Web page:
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Mendelssohn quintets CHAN20218
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Felix MENDELSSOHN (1809-1847)
String Quintet No. 1 Op. 18, MWV R21 (1826-7, rev. 1832) [30:40]
String Quintet No. 2 Op. 87, MWV R33 (1845) [30:43]
Doric String Quartet, Timothy Ridout (viola)
rec. May 2021 at Potton Hall, Dunwich, UK
CHANDOS CHAN20218 [61:31]

Composers of string quartets sometimes also write a quintet or two, usually adding a second viola, though Schubert preferred a second cello. So among the Viennese classics there are fine quintets by Mozart, Beethoven, Schubert, Bruckner (who wrote no quartets) and Brahms, and these two by Mendelssohn fit among their number. They come from the beginning and end of his compositional life and make an appropriate pairing.

The first quintet was composed in 1826 when Mendelssohn was seventeen, but in 1832 the composer discarded the original second movement, the Minuet Op. 18a, in favour of the Intermezzo marked Andante Sostenuto, which now stands in its place. The work as a whole comes shortly after the miraculous Octet and it follows up that success with an equally worthy work. The first movement opens with a charming Mozartian theme and proceeds serenely in a leisurely and discursive way, with well contrasted themes and a triplet figure which dominates the development. The Intermezzo, also in sonata form, begins with a three note motif but soon leads to more rapid figuration which pervades most of the movement. The Scherzo is quite like that of the Octet, though less consistent in its mood. The finale is cheerful and fast, and again triplets are important. Throughout the work we feel the spirit of Haydnesque playfulness rather than Beethovenian seriousness and the result is an elegant and charming work.

The second quintet is less consistent, though still impressive. Indeed, Mendelssohn was disssatisfied with it and didn’t publish it himself. It was put in order by Julius Rietz and published posthumously in 1851. The first movement recalls that of the Octet and again triplets become important. There is a considerable use of tremolo in a way which suggests that Schubert, rather than Haydn, is the presiding spirit of this work, The second movement is an example of Mendelssohn’s fairy music, something at which he always excelled. The slow movement is in complete contrast, a funeral march marked Adagio e lento. The two violins lament above repeated rhythms in the lower strings, though there are also moments of consolation. After this intense and conentrated piece the finale comes as possibly rather trivial. It is very busy, with lots of notes, but rather short, dominated by contrapuntal developments of its first subject while the fine second subject is only touched on in the recapitulation. Mendelssohn himself told Ignaz Moscheles that he thought the finale not very good and he did not publish the work. However, though not as satisfactory a whole as the first quintet, it contains much fine music, and the slow movement is a unique achievement.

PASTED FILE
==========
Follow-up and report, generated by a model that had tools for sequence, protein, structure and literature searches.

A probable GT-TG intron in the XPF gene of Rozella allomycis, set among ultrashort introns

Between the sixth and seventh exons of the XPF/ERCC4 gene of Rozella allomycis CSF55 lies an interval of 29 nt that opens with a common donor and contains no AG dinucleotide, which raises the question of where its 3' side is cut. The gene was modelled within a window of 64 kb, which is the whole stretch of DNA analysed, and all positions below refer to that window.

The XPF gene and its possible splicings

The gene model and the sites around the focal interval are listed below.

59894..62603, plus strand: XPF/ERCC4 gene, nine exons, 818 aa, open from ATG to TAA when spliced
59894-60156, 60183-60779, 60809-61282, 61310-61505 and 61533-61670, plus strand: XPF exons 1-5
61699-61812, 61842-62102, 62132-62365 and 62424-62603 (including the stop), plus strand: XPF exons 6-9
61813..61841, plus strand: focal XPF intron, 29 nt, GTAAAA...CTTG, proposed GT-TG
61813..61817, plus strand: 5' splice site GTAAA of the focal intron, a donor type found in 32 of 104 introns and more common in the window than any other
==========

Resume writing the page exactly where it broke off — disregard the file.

The Doric quartet have already recorded all Mendelssohn’s quartets (review of their first volume here), and it is a natural extension to take in the quintets as well. They are joined by Timothy Ridout, but there is no sense of his being an outsider; he is integrated seamlessly within the texture. They play with the necessary lightness and elegance and, where required, with considerable virtuosity, necessary given Mendelssohn’s enthusiasm for rapid triplets. Only in the finale of the first quintet did I think they were occasionally a little heavy, but this is a minor matter. The recording is excellent and the sleevenotes helpful. This is a valuable recording.

Stephen Barber

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